Christian (00:00): Could you give us a little bit just on your background as it relates to energy? I know you've been in the space for a long time and you've seen a lot, could just start with your background and experience?
Jane Woodward (00:20): Thanks, Christian. It's so great to be here with you. It's interesting to look back. My roots are in geology. I have a bachelor's and master's degree in geology. Then I went and worked in the oil and gas business for three years, really back at a time when natural gas was not valued yet. People were very focused on oil and natural gas was still the booby prize. I was working for ARCO, and my specific job was to go out and start to understand natural gas. After that I went to Stanford Business School, and while I was at Stanford Business School I ended up helping Stanford deal with a really unique bequest where some alums of Stanford had gifted some oil and gas mineral rights, and they had mandated that the bulk of the royalty income off of those mineral rights be reinvested in more oil and gas royalty interests. And through a unique set of situations, I was asked to, while I was working away in business school, to try and help Stanford solve that problem and that became the roots of MAP, which still exists today.
Christian (01:26): And MAP, of course, historically is invested in mineral royalties, but more recently in renewables, and we'll talk more about that in a moment. But just based on your roughly 30 years in the business, how has your experience shaped your view of the evolution of the energy sector?
Jane Woodward (01:46): That's a great question, Christian. I think one of the things, when I talked about my background, I forgot to really make the point and a lead to answering your next question, which was, I started investing in oil and gas minerals in 1986. And by 2004, our firm MAP, we started fairly early on investing in the renewable energy space funding renewable energy project development, and part of what gave us the confidence to do that at that time was really studying one of the things in my background also that I didn't mention is, back in 1991 I started teaching a class at Stanford after I'd graduated from the business school, that we call today understanding energy. And I continue to teach that class with colleagues. And I think in the course of teaching that class, when you look at how... One of my motivations to teach it was to stay on top of how is the energy industry changing.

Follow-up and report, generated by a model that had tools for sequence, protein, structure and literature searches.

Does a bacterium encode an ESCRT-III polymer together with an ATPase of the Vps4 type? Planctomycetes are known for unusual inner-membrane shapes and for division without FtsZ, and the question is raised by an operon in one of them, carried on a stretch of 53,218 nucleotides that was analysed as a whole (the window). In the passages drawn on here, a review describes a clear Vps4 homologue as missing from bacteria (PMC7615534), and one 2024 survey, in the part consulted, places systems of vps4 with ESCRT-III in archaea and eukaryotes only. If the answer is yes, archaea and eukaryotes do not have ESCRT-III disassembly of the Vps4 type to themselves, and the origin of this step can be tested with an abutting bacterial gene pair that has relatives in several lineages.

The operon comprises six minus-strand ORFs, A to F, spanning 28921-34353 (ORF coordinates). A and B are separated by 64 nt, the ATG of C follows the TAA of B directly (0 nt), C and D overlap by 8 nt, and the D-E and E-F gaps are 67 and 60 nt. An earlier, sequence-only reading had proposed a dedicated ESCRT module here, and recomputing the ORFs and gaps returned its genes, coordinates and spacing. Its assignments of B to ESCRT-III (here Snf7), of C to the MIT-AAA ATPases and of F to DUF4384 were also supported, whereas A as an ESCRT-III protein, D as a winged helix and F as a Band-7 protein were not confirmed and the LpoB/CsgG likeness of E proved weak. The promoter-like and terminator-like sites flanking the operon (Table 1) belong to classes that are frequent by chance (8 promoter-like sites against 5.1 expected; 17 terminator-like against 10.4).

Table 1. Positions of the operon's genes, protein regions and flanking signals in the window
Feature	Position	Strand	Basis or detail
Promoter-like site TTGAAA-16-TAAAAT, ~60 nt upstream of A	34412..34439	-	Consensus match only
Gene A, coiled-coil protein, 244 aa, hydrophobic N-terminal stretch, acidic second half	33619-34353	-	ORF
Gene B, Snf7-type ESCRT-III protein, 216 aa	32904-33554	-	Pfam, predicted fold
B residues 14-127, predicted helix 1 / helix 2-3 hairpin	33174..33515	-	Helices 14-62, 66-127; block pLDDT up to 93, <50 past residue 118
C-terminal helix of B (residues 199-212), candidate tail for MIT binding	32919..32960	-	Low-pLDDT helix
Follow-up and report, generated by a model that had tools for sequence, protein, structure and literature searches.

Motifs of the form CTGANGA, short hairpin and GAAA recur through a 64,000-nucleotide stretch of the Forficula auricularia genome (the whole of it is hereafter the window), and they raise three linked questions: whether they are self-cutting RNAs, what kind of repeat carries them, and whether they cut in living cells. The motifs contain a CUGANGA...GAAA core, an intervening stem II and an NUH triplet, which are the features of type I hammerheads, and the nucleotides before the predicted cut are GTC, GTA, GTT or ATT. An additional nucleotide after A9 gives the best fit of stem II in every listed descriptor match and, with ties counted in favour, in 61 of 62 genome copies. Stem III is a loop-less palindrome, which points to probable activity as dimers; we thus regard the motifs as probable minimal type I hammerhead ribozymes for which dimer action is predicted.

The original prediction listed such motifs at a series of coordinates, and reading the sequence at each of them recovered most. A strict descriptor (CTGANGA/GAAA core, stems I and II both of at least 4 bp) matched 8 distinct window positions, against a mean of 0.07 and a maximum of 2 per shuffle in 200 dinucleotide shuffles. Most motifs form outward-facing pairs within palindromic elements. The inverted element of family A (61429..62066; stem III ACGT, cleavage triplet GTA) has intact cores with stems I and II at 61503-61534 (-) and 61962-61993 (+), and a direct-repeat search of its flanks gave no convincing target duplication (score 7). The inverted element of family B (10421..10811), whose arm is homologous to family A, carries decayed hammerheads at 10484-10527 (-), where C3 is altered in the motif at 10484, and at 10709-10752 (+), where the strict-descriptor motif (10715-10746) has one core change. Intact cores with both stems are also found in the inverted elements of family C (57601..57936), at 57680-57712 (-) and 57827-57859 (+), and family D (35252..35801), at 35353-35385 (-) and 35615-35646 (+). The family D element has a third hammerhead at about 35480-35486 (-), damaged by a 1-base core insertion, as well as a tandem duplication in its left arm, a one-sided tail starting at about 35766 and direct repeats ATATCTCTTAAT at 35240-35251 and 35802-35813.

And there's really three key areas of change for me as I look at it. One is technology change, which is huge. Another is change in the markets and how they work, and how that combined with technology changes things. And then the third driver of change is our social framework. And watching how we've come to certainly today, one of the biggest social changes is our awareness of climate change, which is something... When I first got into the energy business, our focus socially was much more just our fear of energy security and was there enough energy? And we've seen a steady evolution to placing a premium on understanding what the consequences of harnessing energy resources to deliver cold beers and hot showers. What are the consequences of that? And looking at that, thinking about it more as an energy system.
Christian (03:40): So, as you think about the energy landscape today, renewables are becoming a bigger part of the mix, what are the biggest challenges that you see in the wider spread adoption of renewable energy sources in the US?